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Winds of Change

The need for ocean planning in America's offshore wind industry

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With the rising concern about the impact of climate change in the wake of the new IPCC report and the recent acquisition by Ørsted of Deepwater Wind, it’s clear that the offshore renewable energy industry is experiencing expanded interest. Offshore wind is increasingly becoming a competitive space with global firms now interested in US waters offshore. And, this has the potential to create conflict with other industries and stakeholders on our already crowded ocean.

The good news is that we have a tool for that: ocean planning.

Ocean planning is a tool that can provide information and cross-sector engagement to help identify and resolve potential conflicts early. The end result is ocean users in the private and public sectors making better-informed management decisions.

An early successful case-study of ocean planning in action was Deepwater Wind’s plan to develop the first US wind farm off Block Island, RI. The project demonstrated that a stakeholder-driven ocean planning process can facilitate transparency and goodwill. The location of the Block Island project was informed by Rhode Island’s Special Area Management Plan (Ocean SAMP). The Ocean SAMP is a state-led ocean planning process that brought together the people of Rhode Island, from fishermen to sailors to conservationists and the public, and provided a pathway forward for the Block Island project to become a reality after ocean use conflicts were addressed.

As competition for valuable ocean resources increases, the Rhode Island Ocean SAMP and accompanying success of the Block Island project provide a model for how development can move forward sustainably in the ocean while protecting ocean health. Ocean planning occurs in both state waters (0-3 miles offshore) and federal waters (3-200 miles offshore) throughout the US. States like Massachusetts, New York, Washington and Oregon are now working on ocean plans for their state waters with similar goals to Rhode Island. Federal ocean planning efforts are underway in the Northeast, Mid-Atlantic and West Coast.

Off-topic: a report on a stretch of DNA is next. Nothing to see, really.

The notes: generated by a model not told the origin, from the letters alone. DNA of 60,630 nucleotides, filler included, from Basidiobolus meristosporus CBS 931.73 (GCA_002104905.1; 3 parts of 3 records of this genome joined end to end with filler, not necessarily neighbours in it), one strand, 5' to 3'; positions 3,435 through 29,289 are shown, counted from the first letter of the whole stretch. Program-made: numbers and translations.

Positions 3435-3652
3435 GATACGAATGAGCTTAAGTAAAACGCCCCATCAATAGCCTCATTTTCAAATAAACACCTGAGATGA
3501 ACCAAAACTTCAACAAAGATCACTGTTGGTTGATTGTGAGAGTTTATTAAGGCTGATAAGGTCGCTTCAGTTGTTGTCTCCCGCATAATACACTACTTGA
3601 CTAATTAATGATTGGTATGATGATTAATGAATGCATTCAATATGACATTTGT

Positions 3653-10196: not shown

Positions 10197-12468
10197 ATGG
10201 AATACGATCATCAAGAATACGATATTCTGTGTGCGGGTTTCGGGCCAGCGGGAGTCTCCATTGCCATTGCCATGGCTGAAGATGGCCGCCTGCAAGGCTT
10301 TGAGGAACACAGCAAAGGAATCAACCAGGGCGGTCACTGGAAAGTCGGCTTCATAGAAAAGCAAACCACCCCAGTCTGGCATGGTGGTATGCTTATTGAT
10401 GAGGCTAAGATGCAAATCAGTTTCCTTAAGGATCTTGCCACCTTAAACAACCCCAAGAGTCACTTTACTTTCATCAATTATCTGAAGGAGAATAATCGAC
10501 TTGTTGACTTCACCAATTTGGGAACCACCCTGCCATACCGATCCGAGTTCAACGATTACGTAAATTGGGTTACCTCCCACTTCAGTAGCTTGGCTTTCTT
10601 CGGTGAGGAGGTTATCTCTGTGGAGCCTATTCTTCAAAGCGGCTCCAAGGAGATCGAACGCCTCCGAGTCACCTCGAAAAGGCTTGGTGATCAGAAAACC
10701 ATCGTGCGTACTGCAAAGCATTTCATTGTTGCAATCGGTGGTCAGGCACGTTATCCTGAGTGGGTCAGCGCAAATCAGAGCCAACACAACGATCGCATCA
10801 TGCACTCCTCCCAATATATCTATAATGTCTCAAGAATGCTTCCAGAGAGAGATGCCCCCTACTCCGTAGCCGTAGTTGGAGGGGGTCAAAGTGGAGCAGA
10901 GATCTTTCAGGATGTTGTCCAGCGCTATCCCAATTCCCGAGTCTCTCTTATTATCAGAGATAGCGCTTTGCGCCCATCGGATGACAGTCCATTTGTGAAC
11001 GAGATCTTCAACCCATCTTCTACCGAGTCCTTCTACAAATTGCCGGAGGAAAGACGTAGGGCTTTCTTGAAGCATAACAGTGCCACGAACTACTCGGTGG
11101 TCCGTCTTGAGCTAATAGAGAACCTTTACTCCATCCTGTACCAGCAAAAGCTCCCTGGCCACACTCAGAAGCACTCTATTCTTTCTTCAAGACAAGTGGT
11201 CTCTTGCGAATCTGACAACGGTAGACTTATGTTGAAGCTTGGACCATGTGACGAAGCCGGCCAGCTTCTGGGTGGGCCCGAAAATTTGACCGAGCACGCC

The ultimate goal is the same: sound science, robust data, stakeholder engagement, decreased conflict and a healthy ocean.

As offshore wind companies look to develop additional space offshore, they should leverage the regional-scale data, interagency coordination and stakeholder engagement commitments outlined in the regional ocean plans as a model to guide smarter decisions on offshore wind energy projects. Partnership with states and stakeholders to continue to improve collaboration is of the utmost importance as this new use advances.

A regional approach to2-Turbines-and-Construction-Blog-1 considering future areas of offshore wind is essential for both stakeholder engagement and project siting. A regional approach is particularly important because stakeholder groups like commercial fisheries, maritime industries, and conservation interests are not bound by a given state boundary and, by nature, operate at regional scales. A greater understanding of potentially affected stakeholders and their various needs must be a priority for these projects to advance sustainably. As work progresses, developers must continue to recognize existing research and science needs, like those outlined in the Northeast and Mid-Atlantic regional ocean plans.

The $500 million acquisition of Deepwater Wind by the European company Ørsted has sent signals to the broader marine community that offshore wind in the US is no longer just a long-distant vision. Projects are actively being planned and some are on the cusp of development. The ocean planning processes that are already in place in the states and regions where developers are looking to bring wind projects should be utilized in an effort to enhance communication and reduce conflict.

 

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